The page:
Also, am curious if anyone has read Lance Dehaven-Smith’s The Battle for Florida or has a received opinion on it. It came out a number of years later, but from an interview with the author I heard it sounded like something worth reading (Dehaven-Smith is apparently a knowledgeable observer of Florida politics). However, I’m not willing to spend $75 (or $35 used) for it on that alone and it is not available at libraries I have access to.

  10. […] somehow the self-congratulatory formalism that revels in people being sent to the death chamber is particularly disgusting in the wake of his proud participation in Bush v. Gore. It’s especially instructive to compare the infamous Herrera v. Collins concurrence with his […]

  11. […] punchline, of course, is the guy who not only joined Bush v. Gore but wrote the stay opinion in is willing to call other Supreme Court decisions “stretches […]

  12. […] although a majority of Florida voters intended to vote for Gore have gotten their due attention: an outrageous Supreme Court decision and Ralph Nader’s all-too-successfully executed plan to throw the […]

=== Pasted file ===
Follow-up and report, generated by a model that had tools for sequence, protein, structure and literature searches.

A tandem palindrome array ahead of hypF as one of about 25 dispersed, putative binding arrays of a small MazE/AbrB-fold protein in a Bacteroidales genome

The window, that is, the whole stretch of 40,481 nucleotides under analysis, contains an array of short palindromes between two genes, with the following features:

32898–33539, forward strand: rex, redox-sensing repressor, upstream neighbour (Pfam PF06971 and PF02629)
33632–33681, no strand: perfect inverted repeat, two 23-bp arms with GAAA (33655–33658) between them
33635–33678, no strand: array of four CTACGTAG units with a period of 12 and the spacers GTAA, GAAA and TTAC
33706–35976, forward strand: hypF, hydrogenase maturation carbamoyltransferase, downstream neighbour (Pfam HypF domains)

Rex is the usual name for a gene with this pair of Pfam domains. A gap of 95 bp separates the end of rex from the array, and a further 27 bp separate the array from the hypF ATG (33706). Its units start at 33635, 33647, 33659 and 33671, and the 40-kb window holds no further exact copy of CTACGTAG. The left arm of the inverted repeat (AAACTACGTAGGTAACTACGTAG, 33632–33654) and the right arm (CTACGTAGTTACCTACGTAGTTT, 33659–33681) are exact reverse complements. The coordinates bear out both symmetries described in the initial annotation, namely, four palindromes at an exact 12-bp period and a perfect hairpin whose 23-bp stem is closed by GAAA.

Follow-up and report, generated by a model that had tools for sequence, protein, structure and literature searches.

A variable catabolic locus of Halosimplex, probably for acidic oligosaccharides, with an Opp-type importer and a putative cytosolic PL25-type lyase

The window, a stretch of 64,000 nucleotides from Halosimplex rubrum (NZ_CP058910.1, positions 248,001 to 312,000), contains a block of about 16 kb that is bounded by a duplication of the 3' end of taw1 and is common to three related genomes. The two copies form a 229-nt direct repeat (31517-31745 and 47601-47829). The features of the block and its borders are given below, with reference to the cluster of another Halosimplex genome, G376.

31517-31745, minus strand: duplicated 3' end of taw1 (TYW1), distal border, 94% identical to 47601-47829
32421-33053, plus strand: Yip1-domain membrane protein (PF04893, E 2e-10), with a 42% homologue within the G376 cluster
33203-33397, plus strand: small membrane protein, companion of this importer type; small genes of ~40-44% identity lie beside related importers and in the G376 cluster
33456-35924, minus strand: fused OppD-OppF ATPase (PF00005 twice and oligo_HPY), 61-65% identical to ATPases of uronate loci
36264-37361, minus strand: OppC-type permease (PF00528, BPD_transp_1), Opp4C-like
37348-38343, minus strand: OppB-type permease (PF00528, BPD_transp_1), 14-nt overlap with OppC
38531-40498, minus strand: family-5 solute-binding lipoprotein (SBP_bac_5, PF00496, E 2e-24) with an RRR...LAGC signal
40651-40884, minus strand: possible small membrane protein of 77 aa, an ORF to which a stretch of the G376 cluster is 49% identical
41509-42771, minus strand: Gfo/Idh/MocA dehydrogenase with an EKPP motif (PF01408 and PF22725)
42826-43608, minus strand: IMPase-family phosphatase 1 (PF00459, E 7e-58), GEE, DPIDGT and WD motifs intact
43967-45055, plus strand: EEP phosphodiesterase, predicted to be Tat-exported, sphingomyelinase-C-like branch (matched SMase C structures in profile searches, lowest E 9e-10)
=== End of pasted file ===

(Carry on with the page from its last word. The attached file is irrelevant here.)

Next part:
13. […] was also central to an actual example of election theft, Florida 2000. Since it’s essentially impossible to defend Bush v. Gore on its own terms, the most common Republican defense of the Supreme Court was that they engaged in […]

  14. […] it has been fairly extensively cited by lower courts, who have (properly) ignored the Court’s explicit admission that they were committing fraud assertion that “[o]ur consideration is limited to the present circumstances.” And this […]

  15. […] v. Gore will always be a massive embarrassment to the five judges that understandably refused to sign their names to it (although, in fairness, Rehnquist, Scalia and […]

  16. Miho Masami says:

    Interesting that everyone was on time for the meal this year. Wonder if they read your blog following last years’ hoe down. Anyway- looks like you did a fantastic job as usual. Sometimes I wonder if you have more hours in the day over there on the east coast. I’m amazed at how much you get done.

  17. りぼあせ says: